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There are times when mistakes at work could be inevitable, which is why a nurse attorney can assure full assistance over such errors. Incomplete or inaccurate documentation is just one of the common mistakes an RN or an LVN commits. Disciplinary actions could have been thought about by the Texas Board of Nursing (BON) if this particular RN from Pearland, Texas hired a nurse attorney over her case.

At the time of the initial incident, an RN was employed as a Registered Nurse at a hospital in Copperas Cove, Texas, and had been in that position for one (1) year and eight (8) months.

On or about February 27, 2020, while employed as a Registered Nurse, the RN withdrew a 25mg capsule of chlordiazepoxide (Librium) from the medication dispensing system for a patient, in excess of the physician’s order, and documented administration of an 10mg capsule in the patient’s medication administration record, even though the pharmacy was unable to supply a 10 mg capsule and the RN cut the pill herself as best she could. The RN’s conduct resulted in an inaccurate medical record and exposed the patient to a risk of harm in that the administration of medication in excess dosage of the physician’s order could result in the patient suffering from adverse reactions.  

On or about March 19, 2020, while employed as a Registered Nurse, the RN inaccurately documented in the patient’s Medication Administration Record (MAR) that she administered lorazepam (Ativan) to Patient 1 and pregabalin (Lyrica) to Patient 2, in that the medication dispensing system did not reflect an associated pull prior to the time of either administration, The RN’s conduct created inaccurate medical records and failure to administer medication as ordered by the physician could have resulted in non-efficacious treatment.

On or about March 22, 2020, while employed as a Registered Nurse, the RN incorrectly increased a heparin drip from 8 units/kg/hr to 18 units/kg[hr, instead of 10 units/kg/hr per Protocol when the PTT result came back as 30 on an Intensive Care Unit (ICU) patient. The RN’s conduct was likely to injure the patient in that failing to administer heparin per protocol could result in the patient suffering from adverse reactions.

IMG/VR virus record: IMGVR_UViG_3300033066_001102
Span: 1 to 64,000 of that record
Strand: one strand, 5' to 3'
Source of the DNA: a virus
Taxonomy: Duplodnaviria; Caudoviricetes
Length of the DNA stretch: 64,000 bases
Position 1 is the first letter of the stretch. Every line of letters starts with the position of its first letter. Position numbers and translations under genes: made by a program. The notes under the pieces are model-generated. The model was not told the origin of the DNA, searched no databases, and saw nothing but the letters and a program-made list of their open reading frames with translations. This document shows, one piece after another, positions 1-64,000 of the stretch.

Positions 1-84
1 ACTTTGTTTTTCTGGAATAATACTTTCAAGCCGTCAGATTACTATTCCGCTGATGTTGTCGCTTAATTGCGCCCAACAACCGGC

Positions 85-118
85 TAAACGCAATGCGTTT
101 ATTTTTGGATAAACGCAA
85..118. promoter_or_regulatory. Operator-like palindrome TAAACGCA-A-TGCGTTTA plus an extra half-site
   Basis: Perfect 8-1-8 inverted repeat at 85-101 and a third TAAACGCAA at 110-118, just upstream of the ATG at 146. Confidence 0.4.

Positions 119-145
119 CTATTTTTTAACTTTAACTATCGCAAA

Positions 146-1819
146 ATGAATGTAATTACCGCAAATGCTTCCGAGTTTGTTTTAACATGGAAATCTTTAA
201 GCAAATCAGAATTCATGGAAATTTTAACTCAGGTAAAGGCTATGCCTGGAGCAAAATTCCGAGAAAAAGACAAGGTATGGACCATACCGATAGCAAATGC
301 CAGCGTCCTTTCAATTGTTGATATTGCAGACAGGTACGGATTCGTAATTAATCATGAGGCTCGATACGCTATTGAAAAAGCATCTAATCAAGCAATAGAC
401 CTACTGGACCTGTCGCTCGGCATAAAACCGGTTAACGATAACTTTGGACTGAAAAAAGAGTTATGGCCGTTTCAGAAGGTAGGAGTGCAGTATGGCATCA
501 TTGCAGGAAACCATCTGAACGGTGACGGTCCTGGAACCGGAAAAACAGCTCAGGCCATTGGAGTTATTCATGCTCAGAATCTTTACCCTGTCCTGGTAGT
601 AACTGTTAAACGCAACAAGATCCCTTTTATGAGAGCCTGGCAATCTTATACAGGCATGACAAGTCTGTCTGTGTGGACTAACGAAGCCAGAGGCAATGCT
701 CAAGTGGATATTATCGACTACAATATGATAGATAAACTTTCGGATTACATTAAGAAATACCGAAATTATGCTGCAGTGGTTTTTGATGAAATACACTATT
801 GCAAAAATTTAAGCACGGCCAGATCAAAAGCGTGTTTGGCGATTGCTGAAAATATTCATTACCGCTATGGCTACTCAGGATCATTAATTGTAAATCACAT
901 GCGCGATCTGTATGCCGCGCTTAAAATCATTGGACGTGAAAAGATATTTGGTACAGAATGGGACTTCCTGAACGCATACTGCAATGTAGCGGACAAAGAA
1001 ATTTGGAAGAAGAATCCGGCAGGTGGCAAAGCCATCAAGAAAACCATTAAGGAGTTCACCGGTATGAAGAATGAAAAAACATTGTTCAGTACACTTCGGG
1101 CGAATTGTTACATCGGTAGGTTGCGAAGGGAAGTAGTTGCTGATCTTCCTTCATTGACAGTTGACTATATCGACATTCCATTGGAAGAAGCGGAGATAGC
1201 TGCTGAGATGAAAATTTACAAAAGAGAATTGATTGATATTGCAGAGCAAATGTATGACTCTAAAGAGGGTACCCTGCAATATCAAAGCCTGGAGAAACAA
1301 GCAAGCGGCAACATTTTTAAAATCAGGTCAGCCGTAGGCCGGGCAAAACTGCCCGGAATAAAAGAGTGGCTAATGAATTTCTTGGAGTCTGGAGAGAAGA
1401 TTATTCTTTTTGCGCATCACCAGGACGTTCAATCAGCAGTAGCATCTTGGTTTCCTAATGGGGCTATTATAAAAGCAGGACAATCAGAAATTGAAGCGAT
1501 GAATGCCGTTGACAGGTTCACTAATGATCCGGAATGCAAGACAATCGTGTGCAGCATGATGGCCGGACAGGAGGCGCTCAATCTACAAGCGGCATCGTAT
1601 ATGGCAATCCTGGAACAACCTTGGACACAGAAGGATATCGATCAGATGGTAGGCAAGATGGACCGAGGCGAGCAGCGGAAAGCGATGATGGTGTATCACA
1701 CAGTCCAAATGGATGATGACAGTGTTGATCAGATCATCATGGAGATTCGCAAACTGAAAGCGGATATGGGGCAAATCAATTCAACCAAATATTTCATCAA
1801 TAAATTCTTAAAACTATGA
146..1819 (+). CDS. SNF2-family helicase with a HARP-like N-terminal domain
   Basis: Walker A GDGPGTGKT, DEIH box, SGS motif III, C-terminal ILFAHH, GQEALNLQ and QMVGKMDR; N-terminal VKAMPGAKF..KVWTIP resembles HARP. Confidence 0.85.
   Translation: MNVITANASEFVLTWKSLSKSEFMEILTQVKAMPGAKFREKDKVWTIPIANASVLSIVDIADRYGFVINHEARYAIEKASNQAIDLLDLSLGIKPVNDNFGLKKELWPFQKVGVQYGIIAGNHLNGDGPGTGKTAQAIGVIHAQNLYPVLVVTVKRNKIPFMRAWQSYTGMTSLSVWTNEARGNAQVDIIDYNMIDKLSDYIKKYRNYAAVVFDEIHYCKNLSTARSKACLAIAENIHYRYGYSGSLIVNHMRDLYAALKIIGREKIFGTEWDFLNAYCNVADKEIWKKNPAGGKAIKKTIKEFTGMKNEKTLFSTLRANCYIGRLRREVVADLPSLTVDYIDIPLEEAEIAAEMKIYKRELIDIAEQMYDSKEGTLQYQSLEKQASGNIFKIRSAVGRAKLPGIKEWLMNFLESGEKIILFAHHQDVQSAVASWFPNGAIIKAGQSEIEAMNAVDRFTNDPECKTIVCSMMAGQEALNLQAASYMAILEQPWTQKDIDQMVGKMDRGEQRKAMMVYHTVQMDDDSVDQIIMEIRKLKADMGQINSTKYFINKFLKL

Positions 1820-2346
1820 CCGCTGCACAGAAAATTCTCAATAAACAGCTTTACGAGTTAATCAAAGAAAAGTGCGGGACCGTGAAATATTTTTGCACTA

In response to the incidents, the states that the above incidents occurred during the beginning of the COVID-19 pandemic. The pharmacy did not have any more 10mg or 5mg chlordiazepoxide (Librium) capsules. Therefore, the RN was advised by the pharmacy to cut the capsule as best she could.

And then, the RN additionally states that she did pull and administer the medication for both patients and the administrations were documented in the patient’s medical records. The inaccuracy in her documentation came from the time in which she documented the medications that were administered. The RN stated that the pharmacy would tell ICU nurses to adjust the time of administration in order to avoid the pharmacy having to go back and readjust all the medication times. The RN, therefore, adjusted her documentation in order to avoid the pharmacy having to take such action. When she adjusted her administration times it created a medical record (or each patient that looked like she had administered the medication prior to pulling the medication. When in fact, she had not, she had just readjusted the time of administration. The difference in time was less than 15 minutes.

Furthermore, the RN was working with an LVN that she believed to be an RN. By law, the hospital was not supposed to send an LVN to the ICU. She understands that she still should have verified the LVN’s actions before the increase and she should have caught her mistake. Had the RN known that she was an LVN, she would have watched her more carefully and probably caught her mistake before it happened.

However, without the help of an experienced nurse attorney, the RN’s defense led to the suspension of her license.

The Texas Board of Nursing (BON) found her guilty of the complaint against her. She lost the case simply because the RN failed to find an effective and efficient nurse attorney. 

Avoid committing the same mistake that the RN did. Find the right nurse attorney in Texas to help you with your needs. Contact nurse attorney Yong J. An directly by calling or texting him at (832) 428-5679 for a discreet consultation.